Development of in situ self-assembly nanoparticles to encapsulate lopinavir and ritonavir for long-acting subcutaneous injection

Irin Tanaudommongkon, Asama Tanaudommongkon, Xiaowei Dong

Research output: Contribution to journalArticlepeer-review

Abstract

Most antiretroviral medications for human immunodeficiency virus treatment and prevention require high levels of patient adherence, such that medications need to be administered daily without missing doses. Here, a long-acting subcutaneous injection of lopinavir (LPV) in combination with ritonavir (RTV) using in situ self-assembly nanoparticles (ISNPs) was developed to potentially overcome adherence barriers. The ISNP approach can improve the pharmacokinetic profiles of the drugs. The ISNPs were characterized in terms of particle size, drug entrapment efficiency, drug loading, in vitro release study, and in vivo pharmacokinetic study. LPV/RTV ISNPs were 167.8 nm in size, with a polydispersity index of less than 0.35. The entrapment efficiency was over 98% for both LPV and RTV, with drug loadings of 25% LPV and 6.3% RTV. A slow release rate of LPV was observed at about 20% on day 5, followed by a sustained release beyond 14 days. RTV released faster than LPV in the first 5 days and slower than LPV thereafter. LPV trough concentration remained above 160 ng/mL and RTV trough concentration was above 50 ng/mL after 6 days with one subcutaneous injection. Overall, the ISNP-based LPV/RTV injection showed sustained release profiles in both in vitro and in vivo studies.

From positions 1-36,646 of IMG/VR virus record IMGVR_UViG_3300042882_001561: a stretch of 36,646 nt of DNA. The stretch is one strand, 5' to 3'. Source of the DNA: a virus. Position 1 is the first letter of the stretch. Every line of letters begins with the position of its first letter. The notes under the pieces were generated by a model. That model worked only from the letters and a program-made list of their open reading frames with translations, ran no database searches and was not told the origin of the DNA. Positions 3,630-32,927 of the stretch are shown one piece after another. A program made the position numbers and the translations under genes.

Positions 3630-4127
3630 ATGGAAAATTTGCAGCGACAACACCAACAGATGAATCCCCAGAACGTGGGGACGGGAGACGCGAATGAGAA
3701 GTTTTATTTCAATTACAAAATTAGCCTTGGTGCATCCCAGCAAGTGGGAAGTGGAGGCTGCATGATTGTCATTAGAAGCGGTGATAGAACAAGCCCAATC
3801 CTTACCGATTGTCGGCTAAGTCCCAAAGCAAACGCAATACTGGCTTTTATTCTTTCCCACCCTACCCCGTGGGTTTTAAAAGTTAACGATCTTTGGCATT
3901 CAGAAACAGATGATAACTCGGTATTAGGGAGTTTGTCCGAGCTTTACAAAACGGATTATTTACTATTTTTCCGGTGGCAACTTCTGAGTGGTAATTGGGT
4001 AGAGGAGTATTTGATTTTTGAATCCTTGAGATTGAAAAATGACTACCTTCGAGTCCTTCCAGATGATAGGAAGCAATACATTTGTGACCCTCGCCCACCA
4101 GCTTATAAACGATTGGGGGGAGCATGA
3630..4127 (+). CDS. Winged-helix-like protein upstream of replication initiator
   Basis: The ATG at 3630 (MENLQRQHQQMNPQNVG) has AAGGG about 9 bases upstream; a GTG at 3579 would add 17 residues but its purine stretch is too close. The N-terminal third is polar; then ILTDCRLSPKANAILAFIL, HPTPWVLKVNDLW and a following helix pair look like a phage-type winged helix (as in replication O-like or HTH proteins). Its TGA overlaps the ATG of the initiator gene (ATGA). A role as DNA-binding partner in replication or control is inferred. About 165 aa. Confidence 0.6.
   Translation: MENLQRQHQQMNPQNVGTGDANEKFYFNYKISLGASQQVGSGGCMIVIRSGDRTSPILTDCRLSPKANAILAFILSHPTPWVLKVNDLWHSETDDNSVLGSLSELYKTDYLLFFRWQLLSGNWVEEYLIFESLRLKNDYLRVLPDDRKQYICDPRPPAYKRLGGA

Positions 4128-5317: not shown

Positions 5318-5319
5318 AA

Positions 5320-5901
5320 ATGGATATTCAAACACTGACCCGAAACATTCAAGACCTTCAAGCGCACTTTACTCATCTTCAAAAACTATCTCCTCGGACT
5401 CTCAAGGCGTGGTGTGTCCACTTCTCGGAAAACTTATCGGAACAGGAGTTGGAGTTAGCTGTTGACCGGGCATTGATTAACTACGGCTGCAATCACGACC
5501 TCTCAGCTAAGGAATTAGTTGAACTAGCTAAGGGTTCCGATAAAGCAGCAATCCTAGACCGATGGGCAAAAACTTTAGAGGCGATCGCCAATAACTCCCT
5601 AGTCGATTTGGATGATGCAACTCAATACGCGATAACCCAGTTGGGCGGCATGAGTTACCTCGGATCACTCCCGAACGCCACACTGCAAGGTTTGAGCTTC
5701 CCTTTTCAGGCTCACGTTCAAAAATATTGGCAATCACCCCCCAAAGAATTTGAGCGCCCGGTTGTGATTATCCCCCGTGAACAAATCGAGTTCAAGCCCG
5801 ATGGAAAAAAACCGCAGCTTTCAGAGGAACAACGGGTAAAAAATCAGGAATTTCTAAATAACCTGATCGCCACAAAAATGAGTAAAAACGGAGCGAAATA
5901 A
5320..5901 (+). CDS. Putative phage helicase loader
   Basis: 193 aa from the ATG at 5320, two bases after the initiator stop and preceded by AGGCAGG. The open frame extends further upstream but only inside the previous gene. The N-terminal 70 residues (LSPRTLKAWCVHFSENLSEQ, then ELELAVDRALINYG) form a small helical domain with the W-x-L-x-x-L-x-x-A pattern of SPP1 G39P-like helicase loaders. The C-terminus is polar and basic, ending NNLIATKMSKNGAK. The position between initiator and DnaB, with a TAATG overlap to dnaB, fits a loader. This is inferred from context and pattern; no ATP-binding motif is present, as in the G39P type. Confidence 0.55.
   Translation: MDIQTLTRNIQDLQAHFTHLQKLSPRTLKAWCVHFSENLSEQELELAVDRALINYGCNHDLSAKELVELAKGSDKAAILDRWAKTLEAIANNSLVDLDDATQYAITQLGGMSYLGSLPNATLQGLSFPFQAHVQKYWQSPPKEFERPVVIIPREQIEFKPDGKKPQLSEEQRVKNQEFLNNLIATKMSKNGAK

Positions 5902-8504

Original languageEnglish
Article number904
JournalPharmaceutics
Volume13
Issue number6
DOIs
StatePublished - Jun 2021

Keywords

  • HIV
  • In situ self-assembly
  • Injection
  • Lopinavir
  • Nanoparticles
  • Ritonavir
  • Subcutaneous

Fingerprint

Dive into the research topics of 'Development of in situ self-assembly nanoparticles to encapsulate lopinavir and ritonavir for long-acting subcutaneous injection'. Together they form a unique fingerprint.

Cite this